The Beach Thick-knee Twitch

by Kitty Arce


Two birders grab a chance to take a trip to faraway island on the off-chance that a bird that was reported two weeks before is still there. What they experience is the magic of being in a beautiful setting where wildlife and nature are valued and protected.


 

Birding, parenting, and a hectic work life is a crazy balancing act, but when it works out, you feel ready to take on anything. So when we heard rumours about a Beach Thick-Knee wandering on a beach somewhere in the Visayas, a friend and I grabbed the opportunity to go see it.

Negros Occidental – here we come. Some quick phone calls and a few emails later placed the bird on Danjugan Island, 4 hours south of Bacolod City. No-one had reported the sighting since the first report 2 weeks previously but we decided to take a chance.

Tibsoc, the Philippines’ increasingly well-known wader site, was on the way so a day on the mud flats was a must. After a day of sun, blue skies and wheeling flocks of waders, and a delicious home-cooked lunch by Faith, Tibsoc’s excellent and essential coordinator for birding visits, we jumped into the car and headed south.

After a drive through sugarcane fields and small villages, we arrived at the drop off point to Danjugan. From here we waded out to the boat, and minutes later were heading across the ocean to a hilly island ahead, the sun setting over the ocean.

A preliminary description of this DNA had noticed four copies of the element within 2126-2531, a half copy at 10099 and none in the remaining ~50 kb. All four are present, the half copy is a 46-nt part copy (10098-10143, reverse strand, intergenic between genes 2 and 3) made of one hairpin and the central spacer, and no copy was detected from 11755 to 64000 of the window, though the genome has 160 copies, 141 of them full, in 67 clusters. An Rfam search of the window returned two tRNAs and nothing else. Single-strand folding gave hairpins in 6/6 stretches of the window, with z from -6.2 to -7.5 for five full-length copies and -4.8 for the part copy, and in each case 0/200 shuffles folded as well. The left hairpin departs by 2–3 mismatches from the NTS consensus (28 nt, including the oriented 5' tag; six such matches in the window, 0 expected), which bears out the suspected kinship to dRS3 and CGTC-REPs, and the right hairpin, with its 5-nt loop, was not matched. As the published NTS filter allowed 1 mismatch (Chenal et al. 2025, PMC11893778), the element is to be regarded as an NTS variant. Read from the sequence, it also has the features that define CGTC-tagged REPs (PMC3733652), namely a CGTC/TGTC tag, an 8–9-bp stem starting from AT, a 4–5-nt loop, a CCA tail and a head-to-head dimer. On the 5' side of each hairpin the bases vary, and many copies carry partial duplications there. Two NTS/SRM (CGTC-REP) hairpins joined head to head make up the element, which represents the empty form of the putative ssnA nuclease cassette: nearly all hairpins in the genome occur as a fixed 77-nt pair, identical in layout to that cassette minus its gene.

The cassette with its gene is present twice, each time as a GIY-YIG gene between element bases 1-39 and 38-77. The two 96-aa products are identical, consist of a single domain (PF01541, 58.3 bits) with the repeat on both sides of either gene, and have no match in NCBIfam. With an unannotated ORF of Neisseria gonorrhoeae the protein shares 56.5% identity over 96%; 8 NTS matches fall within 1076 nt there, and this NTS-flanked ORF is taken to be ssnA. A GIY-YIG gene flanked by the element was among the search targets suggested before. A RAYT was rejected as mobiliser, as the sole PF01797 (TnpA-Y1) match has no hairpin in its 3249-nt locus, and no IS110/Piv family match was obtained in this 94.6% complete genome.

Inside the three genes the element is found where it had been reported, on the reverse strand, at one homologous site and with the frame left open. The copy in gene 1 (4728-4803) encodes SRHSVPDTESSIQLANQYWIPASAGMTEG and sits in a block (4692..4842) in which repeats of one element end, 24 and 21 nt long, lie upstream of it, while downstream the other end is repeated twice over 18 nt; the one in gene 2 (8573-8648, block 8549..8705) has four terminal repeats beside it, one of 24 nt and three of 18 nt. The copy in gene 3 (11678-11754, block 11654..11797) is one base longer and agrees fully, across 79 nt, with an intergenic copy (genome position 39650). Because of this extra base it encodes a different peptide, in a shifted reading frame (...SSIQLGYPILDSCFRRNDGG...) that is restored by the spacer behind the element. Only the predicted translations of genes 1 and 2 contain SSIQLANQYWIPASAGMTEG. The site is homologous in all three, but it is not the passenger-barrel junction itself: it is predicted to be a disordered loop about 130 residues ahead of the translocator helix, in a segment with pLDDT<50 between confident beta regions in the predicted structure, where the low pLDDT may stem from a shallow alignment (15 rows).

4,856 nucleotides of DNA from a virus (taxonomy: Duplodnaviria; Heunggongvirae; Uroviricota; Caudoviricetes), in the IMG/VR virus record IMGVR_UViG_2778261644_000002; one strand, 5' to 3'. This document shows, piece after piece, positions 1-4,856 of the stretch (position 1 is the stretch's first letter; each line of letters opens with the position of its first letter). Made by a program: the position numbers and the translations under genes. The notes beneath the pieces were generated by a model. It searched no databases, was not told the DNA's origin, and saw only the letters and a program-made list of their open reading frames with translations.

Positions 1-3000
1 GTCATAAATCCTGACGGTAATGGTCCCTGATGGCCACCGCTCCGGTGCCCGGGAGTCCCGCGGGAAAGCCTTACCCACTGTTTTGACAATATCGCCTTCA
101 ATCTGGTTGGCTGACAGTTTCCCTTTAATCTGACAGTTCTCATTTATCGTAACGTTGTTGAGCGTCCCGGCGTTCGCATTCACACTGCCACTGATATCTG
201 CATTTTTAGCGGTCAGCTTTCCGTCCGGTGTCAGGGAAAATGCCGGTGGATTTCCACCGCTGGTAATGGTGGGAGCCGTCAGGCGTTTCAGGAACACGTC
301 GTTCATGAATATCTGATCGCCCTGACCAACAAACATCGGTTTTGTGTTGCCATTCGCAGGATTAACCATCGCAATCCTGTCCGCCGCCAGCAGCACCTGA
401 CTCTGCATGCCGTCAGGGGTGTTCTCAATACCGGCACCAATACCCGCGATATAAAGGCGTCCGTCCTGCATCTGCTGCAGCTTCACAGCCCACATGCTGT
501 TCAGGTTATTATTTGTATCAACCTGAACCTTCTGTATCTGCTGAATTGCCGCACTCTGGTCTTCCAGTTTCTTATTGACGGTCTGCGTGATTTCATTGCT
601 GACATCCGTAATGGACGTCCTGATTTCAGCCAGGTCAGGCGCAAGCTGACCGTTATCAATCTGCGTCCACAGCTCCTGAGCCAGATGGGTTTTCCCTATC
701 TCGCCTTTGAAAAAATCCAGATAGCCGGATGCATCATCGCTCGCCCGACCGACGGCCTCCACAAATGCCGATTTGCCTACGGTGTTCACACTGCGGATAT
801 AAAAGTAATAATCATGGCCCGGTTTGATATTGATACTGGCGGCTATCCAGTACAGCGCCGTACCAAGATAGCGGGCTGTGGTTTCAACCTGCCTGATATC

On the boat with Danjugan in view. Photo by K. Arce

On the boat with Danjugan in view. Photo by K. Arce

As the boat glided through the shallows and the engine cut, we eased in to a small cove of clear blue waters. The peace and quiet of the evening descended. From here it was a 15 minute walk across the island to the accommodation at Typhoon Beach. The trail is well kept and an easy walk, and our guide Uwa filled us in on the natural history of the area. Emerging out of the forest and walking along the beach to the cabins, it was dusk, with a magical sunset reaching out over the ocean. We walked along the beach stopping a few times to just take the beautiful view all in. Uwa told us that turtles used to lay eggs on this beach, and they are hoping that they would be back someday.

Sunset at Typhoon Beach. Photo by K. Arce

Sunset at Typhoon Beach. Photo by K. Arce